Dear Shir Chadash community,
We emerged from Shavuot into a landscape we could not have imagined. Who would have thought that the road away from Sinai this year would be marked by homicide, violence, rage and destruction?
The Torah commands us not to stand by idle when our neighbor’s blood is shed. A few verses later, we are commanded to love our neighbor as ourselves. We must find ways, as individuals and as a community, to manifest these sacred obligations.
When our ancestors stood at Mount Sinai, they begged Moses, "You go and speak for us...we will listen." So perhaps our first step in responding is for us to listen, too.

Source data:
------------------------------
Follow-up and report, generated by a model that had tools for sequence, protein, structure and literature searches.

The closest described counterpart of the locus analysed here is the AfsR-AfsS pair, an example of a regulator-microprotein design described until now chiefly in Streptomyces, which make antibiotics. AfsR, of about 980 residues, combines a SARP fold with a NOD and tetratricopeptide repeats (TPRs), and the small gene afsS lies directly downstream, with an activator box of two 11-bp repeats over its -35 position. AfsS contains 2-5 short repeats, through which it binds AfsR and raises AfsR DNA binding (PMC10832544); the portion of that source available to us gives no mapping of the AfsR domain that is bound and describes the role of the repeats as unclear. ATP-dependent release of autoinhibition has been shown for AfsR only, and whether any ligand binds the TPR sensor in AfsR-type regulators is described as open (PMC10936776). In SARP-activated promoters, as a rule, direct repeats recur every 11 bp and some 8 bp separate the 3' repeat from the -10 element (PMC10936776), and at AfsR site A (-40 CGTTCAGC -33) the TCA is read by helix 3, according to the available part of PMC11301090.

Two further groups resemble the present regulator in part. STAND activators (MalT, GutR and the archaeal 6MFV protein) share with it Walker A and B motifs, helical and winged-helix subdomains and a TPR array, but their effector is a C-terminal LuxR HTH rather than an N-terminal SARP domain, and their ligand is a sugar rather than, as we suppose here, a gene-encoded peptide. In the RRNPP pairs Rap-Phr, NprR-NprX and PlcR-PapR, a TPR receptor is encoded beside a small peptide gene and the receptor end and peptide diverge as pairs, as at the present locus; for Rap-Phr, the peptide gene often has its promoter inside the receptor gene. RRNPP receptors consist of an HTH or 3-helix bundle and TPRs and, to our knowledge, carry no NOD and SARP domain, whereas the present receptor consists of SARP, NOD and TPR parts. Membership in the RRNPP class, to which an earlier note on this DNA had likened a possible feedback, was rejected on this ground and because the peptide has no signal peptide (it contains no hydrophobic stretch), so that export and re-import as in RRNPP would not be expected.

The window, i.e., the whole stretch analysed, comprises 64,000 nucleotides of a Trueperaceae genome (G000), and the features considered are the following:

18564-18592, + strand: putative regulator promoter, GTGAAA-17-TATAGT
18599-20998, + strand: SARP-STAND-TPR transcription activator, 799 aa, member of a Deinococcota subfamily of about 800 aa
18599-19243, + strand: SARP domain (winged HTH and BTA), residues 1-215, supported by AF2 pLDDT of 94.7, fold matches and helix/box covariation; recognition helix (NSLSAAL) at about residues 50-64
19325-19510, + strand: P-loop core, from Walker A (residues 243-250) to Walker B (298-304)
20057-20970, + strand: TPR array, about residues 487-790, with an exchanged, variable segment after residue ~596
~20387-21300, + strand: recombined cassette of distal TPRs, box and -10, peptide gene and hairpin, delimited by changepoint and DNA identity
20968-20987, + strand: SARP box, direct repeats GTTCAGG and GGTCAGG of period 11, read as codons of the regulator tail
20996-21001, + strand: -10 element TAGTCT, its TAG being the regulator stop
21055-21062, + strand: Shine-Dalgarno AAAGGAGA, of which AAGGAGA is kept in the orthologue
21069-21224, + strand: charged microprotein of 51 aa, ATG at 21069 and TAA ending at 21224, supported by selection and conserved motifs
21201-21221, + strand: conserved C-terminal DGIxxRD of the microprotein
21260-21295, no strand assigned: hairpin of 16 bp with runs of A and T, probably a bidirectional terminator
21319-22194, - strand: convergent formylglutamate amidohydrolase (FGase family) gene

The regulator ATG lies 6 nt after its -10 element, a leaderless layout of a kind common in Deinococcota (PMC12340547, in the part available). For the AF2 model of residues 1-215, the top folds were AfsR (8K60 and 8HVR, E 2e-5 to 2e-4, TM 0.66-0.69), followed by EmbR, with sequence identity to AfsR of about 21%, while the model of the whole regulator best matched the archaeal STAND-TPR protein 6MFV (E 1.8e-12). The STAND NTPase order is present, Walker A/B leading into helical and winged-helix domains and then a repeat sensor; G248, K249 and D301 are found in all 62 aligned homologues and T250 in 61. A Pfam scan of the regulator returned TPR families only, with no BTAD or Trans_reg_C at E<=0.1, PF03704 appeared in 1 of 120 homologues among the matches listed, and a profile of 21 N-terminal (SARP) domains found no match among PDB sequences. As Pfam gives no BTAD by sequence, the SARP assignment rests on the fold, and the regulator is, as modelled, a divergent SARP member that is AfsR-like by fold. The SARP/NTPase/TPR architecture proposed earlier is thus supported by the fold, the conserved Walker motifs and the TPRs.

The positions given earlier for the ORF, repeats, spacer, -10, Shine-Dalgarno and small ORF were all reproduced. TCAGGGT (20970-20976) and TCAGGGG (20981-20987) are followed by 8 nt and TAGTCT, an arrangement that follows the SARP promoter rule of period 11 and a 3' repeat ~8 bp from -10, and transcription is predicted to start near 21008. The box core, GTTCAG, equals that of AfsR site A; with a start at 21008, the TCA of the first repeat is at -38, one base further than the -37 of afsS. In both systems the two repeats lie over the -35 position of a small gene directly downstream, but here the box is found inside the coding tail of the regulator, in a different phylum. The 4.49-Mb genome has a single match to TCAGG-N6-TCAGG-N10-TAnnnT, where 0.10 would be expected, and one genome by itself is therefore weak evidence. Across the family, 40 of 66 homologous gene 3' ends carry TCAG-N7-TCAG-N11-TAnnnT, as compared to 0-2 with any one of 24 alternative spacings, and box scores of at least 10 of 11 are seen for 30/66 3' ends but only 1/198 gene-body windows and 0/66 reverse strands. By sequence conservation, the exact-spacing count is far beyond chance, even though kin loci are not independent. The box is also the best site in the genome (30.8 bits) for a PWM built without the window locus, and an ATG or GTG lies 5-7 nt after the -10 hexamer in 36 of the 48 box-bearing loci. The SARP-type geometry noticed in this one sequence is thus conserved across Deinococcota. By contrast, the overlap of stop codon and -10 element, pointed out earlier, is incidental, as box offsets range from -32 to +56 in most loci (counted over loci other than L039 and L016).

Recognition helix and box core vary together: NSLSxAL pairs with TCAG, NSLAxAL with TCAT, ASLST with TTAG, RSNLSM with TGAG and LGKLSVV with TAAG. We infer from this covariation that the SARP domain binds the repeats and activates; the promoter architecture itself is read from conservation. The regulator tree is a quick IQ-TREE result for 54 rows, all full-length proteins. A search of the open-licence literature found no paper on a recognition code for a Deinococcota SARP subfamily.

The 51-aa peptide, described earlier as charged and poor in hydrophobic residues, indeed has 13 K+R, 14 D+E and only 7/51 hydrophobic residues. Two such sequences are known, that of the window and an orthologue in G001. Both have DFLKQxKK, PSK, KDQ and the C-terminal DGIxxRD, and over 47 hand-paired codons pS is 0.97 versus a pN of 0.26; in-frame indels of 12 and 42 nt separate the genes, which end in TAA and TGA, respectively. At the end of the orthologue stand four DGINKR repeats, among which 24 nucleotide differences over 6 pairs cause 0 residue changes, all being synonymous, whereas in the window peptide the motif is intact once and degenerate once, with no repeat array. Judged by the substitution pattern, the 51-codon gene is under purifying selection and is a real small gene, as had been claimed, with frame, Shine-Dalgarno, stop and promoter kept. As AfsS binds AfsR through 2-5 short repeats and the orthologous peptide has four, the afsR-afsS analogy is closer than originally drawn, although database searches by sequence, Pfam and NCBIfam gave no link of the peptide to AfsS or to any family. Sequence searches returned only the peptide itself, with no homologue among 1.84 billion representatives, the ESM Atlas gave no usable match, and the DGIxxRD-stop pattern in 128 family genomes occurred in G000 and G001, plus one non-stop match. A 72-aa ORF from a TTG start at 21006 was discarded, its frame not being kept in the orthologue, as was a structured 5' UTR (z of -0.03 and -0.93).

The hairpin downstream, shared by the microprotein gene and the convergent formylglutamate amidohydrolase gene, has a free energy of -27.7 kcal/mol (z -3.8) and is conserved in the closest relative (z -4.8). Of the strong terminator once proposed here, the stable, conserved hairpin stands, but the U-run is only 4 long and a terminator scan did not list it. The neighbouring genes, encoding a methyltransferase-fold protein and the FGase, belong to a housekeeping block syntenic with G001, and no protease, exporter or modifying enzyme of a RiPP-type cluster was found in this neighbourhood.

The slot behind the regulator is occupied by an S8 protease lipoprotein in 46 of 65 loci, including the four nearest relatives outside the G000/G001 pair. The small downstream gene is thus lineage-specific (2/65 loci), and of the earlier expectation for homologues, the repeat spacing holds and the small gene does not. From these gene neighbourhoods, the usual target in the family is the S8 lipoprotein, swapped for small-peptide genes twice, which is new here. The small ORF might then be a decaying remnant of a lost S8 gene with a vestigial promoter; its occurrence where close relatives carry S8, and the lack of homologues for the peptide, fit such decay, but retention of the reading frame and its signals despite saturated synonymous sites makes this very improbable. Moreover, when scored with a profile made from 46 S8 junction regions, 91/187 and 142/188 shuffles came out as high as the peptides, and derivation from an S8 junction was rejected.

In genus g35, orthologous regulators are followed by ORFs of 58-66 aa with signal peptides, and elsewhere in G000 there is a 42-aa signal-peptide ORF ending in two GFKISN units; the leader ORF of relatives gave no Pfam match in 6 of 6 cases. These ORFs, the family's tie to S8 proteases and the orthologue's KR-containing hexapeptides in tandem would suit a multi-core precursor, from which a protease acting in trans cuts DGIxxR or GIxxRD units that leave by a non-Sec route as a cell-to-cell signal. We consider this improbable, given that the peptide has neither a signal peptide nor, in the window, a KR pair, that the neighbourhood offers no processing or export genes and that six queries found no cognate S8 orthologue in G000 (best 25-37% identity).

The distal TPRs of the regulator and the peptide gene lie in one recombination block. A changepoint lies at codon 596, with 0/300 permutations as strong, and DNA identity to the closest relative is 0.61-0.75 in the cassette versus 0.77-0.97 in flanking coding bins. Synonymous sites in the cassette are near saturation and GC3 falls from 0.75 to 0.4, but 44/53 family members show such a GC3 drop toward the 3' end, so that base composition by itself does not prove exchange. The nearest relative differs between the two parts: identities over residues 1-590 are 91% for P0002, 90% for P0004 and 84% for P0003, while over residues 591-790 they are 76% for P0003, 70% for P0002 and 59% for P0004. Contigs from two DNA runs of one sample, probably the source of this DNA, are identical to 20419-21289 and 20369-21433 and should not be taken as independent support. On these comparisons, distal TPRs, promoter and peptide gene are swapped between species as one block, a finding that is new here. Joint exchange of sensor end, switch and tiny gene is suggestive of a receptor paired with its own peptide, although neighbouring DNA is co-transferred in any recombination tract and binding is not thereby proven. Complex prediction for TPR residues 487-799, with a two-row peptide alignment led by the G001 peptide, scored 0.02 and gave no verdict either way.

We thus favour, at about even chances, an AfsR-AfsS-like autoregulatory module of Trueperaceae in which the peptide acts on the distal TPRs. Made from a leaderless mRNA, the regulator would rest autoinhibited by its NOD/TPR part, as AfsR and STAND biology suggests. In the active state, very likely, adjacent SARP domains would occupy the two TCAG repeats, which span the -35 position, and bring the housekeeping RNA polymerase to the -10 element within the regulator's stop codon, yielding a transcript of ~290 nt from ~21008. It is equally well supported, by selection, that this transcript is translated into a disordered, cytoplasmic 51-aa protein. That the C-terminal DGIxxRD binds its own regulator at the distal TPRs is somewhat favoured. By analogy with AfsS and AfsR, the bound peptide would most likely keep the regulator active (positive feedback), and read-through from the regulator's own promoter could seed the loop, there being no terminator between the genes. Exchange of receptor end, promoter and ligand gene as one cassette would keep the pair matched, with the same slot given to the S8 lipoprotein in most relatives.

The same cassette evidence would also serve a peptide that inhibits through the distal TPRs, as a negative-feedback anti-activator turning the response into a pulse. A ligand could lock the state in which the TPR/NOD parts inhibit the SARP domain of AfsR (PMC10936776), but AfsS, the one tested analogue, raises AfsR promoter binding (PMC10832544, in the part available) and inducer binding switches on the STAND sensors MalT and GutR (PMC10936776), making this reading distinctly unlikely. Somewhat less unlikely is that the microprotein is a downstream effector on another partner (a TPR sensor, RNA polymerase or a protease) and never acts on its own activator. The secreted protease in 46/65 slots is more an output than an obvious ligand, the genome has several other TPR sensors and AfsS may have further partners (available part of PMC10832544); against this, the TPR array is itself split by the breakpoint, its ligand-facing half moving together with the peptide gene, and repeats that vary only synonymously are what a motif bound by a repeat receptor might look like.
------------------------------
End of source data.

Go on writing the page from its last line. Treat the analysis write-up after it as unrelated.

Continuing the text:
Let us open our ears to the voices of those who are directly involved, directly affected. Let us acknowledge that much of what is happening falls outside our own experience. Let us remember the wisdom of Hillel, who taught that we should not judge our fellow human beings until we have stood in their place [Pirkei Avot 2:4].
There is a great deal of work that will need to be done.
But let us begin by listening.